Businesses cannot sell their personal information after the consumer opts out unless they get affirmative authorization (opt-in) later. Businesses have to wait at least 12 months before asking consumers to opt into the sale of their personal information again.
Business websites should have a “Do Not Sell My Personal Information” or “Do Not Sell My Info” link on the homepage. The same opt-out notice should also be made available on the download or landing page of a mobile application.
CCPA Compliant Opt-Out Notice
- Description of the consumer’s right to opt-out of the sale of their personal information
- An online webform by which the consumer can submit their request to opt-out
- Instructions for any other method by which the consumer may submit their request to opt-out
- Information about any proof required when a consumer uses an authorized agent to exercise their right to opt-out
Special Regulation for Minors
If a business receives a request to opt-in to the sale of personal information from a minor (13-16 years of age), they have to inform the minor of the right to opt-out at a later date via a notice.
Note that businesses that exclusively target minor consumers and who do not sell personal information without their (or their parents) affirmative authorization, need not provide the notice of right to opt-out.
Notice of Financial Incentives
Businesses that operate a “financial incentives scheme,” must provide a notice of financial incentives to the consumers. The main purpose of this notice is to explain the terms of a financial incentive or price or services difference offered.
Under CCPA businesses cannot discriminate against consumers who exercise their consumer rights. But, there is a special provision in the CCPA that allows businesses to offer incentives to consumers in exchange for their personal information. The incentive must be based on the actual value that the business derives from consumer’s data.
CCPA Compliant Notice of Financial Incentives
The CCPA notice of financial incentives should include:
- A summary of your financial incentives, price, or service difference offered
- A description of the terms of the scheme, including the categories of personal information involved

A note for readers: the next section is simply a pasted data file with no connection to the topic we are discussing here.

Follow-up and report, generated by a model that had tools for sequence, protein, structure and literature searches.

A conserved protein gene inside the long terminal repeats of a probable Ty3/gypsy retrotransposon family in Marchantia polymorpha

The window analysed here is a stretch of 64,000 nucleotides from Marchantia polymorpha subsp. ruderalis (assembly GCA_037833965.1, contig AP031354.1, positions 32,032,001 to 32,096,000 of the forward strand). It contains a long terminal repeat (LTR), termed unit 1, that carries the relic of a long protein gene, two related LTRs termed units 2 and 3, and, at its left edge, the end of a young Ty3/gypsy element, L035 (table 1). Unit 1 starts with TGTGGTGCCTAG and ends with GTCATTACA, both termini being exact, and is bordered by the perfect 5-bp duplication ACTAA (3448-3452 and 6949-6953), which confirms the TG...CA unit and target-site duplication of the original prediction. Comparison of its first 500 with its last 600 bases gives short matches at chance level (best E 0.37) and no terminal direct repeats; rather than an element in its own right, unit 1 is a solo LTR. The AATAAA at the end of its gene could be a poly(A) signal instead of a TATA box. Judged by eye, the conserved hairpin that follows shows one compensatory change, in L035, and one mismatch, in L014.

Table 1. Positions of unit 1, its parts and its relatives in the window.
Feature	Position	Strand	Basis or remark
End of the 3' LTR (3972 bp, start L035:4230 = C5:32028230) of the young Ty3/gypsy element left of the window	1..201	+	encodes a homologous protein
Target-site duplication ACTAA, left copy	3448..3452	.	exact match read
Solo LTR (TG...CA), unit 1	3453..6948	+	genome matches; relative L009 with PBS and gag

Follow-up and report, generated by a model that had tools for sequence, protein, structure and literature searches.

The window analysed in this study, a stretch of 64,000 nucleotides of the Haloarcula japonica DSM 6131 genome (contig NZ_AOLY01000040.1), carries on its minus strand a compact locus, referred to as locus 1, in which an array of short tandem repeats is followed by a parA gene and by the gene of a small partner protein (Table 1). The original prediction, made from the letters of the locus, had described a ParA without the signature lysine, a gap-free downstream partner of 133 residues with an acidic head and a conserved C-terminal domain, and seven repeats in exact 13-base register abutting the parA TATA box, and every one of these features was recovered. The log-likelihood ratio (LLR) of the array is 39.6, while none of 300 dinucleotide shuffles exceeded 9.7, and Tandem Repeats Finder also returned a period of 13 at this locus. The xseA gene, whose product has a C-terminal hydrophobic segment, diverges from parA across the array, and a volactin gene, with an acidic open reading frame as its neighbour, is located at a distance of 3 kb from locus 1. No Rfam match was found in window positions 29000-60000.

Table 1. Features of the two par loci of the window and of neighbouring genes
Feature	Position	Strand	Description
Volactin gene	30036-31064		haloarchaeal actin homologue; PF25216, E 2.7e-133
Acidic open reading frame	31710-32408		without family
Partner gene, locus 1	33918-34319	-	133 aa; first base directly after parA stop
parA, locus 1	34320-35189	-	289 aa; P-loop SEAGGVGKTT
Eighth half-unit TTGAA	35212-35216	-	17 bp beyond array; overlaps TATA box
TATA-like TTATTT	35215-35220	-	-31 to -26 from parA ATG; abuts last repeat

- Instructions on how consumers can opt-in for financial incentives
- Notification of consumers’ right to withdraw from the scheme and how to exercise it
- An explanation of how the incentive is reasonably related to the value of the consumer’s data including – a “good faith” estimate of the value of the consumer’s personal information, description of the method you used to calculate it
Here’s another example of a notice of financial incentives from BevMo.
CCPA Updates on Notices
In March 2021, the California Attorney General’s office announced updated CCPA regulations. The updated regulations ban “dark patterns” that blindside consumer’s from opting out of the sale of their personal information. It also prohibits businesses from hindering consumers from opting out via confusing language or unnecessary steps.
The notable provisions in the CCPA amendments concerning CCPA notices are highlighted below.
Offline Opt-Out Notices
Businesses that collect personal information offline and sell such information offline, have to implement specific methods to offer opt-out rights to such consumers. This includes:
- Notify the consumer on paper forms that are collecting the information
- Post signage in the area where the personal information is collected
- For information collected over the phone, inform the consumer of the opt-out right orally
New Opt-Out Icon
After years of back and forth regarding opt-out buttons or icons, the new amendments include an “opt-out icon”. Businesses can use it on their websites in addition to posting the notice of right to opt-out.
But note that businesses cannot use the opt-out icon instead of posting the opt-out notice or the “Do Not Sell My Personal Information” link required under the regulations.
The new opt-out icon can be found here. The icon is not a requirement, rather it is “optional”, as the new regulations suggest.
Simple Methods to Opt-Out
The new amendments require that the process for submitting opt-out requests should have “minimal steps.” Businesses should not use confusing language such as double negatives. For example, an opt-out notice with “Don’t Not Sell My Personal Information” is not allowed.